On C’mon, Town and Country use pattern music techniques, song form, and other approaches to create low-key acoustic chamber works. String bass, guitar, bass clarinet, cornet, celeste, and chimes play key roles in the group’s patient compositions. C’mon evokes Morton Feldman in at least a couple of ways. Like that great composer’s work, the music of Town and Country has a transparent quality that allows every tone to be clearly glimpsed, and the group isn’t afraid to repeat tones or phrases again and again, forcing the listener to dwell upon their shape and substance. The album’s closing track, "Bookmobile," betrays an influence not heard on the rest of the disc: African pop music. It makes sense that Town and Country would be attracted to the hypnotic qualities of that genre, but looping guitar lines are just a starting point for the eight-minute piece. The opening morphs into a jazzy section before shifting into a quiet part punctuated by a repeating bass clarinet figure, which in turn gives way to a layered passage topped by cornet. At times, C’mon flirts with blandness, but there are enough compositional left turns to keep things engaging. --Fred Cisterna
Review by Glenn Swan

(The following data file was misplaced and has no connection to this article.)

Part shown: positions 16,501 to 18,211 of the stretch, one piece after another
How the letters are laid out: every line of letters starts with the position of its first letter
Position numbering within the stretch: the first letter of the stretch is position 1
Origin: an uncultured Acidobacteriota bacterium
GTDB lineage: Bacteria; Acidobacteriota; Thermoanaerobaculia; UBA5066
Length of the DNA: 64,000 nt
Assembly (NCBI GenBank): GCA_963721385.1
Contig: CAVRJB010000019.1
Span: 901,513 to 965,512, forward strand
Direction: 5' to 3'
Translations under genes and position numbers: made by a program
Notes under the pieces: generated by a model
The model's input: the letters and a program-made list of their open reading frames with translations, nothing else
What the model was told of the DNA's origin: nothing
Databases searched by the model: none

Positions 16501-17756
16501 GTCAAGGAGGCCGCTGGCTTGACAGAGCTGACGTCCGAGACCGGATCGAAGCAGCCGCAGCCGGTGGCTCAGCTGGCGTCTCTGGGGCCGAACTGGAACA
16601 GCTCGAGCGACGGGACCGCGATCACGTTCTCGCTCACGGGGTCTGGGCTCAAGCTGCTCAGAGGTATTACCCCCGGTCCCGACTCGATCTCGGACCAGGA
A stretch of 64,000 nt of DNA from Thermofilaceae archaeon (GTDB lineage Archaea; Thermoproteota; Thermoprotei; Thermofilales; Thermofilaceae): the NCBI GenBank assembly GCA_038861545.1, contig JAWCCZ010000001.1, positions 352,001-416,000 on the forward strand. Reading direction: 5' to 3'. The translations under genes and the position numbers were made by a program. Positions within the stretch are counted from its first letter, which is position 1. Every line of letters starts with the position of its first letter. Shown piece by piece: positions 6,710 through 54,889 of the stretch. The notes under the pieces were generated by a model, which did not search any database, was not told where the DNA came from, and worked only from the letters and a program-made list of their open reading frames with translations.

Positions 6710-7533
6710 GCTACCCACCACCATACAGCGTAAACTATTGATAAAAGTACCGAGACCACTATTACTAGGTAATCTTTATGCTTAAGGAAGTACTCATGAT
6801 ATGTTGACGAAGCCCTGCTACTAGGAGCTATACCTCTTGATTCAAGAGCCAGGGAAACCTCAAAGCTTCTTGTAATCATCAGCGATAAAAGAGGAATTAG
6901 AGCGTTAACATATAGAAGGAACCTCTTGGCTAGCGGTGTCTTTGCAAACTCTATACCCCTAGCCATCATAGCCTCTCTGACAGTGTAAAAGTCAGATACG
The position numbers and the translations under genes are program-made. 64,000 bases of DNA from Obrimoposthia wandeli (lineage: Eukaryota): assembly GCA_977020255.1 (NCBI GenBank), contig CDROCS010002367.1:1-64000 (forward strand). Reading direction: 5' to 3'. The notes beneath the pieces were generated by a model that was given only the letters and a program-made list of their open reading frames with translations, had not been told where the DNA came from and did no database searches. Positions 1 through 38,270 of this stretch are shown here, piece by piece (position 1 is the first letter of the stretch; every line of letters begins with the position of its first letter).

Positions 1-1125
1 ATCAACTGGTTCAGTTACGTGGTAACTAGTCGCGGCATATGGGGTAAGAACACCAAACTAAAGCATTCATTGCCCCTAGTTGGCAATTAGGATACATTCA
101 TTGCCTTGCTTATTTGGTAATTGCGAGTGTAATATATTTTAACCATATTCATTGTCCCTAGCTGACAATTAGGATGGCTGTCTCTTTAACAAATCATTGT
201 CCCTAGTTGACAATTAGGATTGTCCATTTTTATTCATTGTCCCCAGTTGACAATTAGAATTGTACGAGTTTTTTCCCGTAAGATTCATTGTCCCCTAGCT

The members of Town & Country shouldn't be doing what they're doing on the instruments they're using. A full orchestra of the highest caliber would risk bloodthirsty scrutiny for taking on these mathematical tone poems. However, if an ear can be slapped in the face, this acoustic quartet at least powders its palms before doing so. Rarely going above a raised whisper, this humble thorn of a quartet dares the Chicago-based Thrill Jockey label to rival the European aesthetics of ECM or the dry exclusivity of New Albion out of California. Sharing equal composer credits, Liz Payne, Josh Abrams, Jim Dorling, and Ben Vida pass acoustic instruments amongst each other to create something to intoxicate the critics and divide the general public's perception between what's brilliant and what's elitist. Tracks like "Going to Kamakura," "Garden," and "Palms" blossom patiently like Morton Feldman's "Rothko Chapel"; origami with dangling participles that never resolve, never quite fit neatly into themselves, but repeatedly catch the eye. "I'm Appealing" is a chromatic foray into minimalism à la John Adams and Terry Riley, with acoustic guitars infinitely rippling in loops that either madden or enlighten, depending on your perspective. "The Bells" is a rhythmic meditation of cornet and clarinet with string basses on either side. The structure of the piece fascinates and distracts, finding the natural cleft in the listener's brain and gradually burrowing into the subconscious, as Vida and Dorling fold their tones together like two hands in reverent prayer. "I Am So Very Cold" clips itself in precise syncopation, but loosens its grip to a more calm disposition around the two-thirds point (perhaps as the hypothermia kicks in). "Bookmobile" closes the disc, a kaleidoscopic, pulsing dialogue of early Pat Metheny six-string, handclaps, and plucked basslines refracting around Steve Reich clouds of tone. As an album, C'mon stays approachable throughout, as well as puzzling, brilliant, existentialist, mystifying, daring, intimate, warm, and enticingly incomplete. It's all things pure music can be, without an explanation. In a way that's all the better.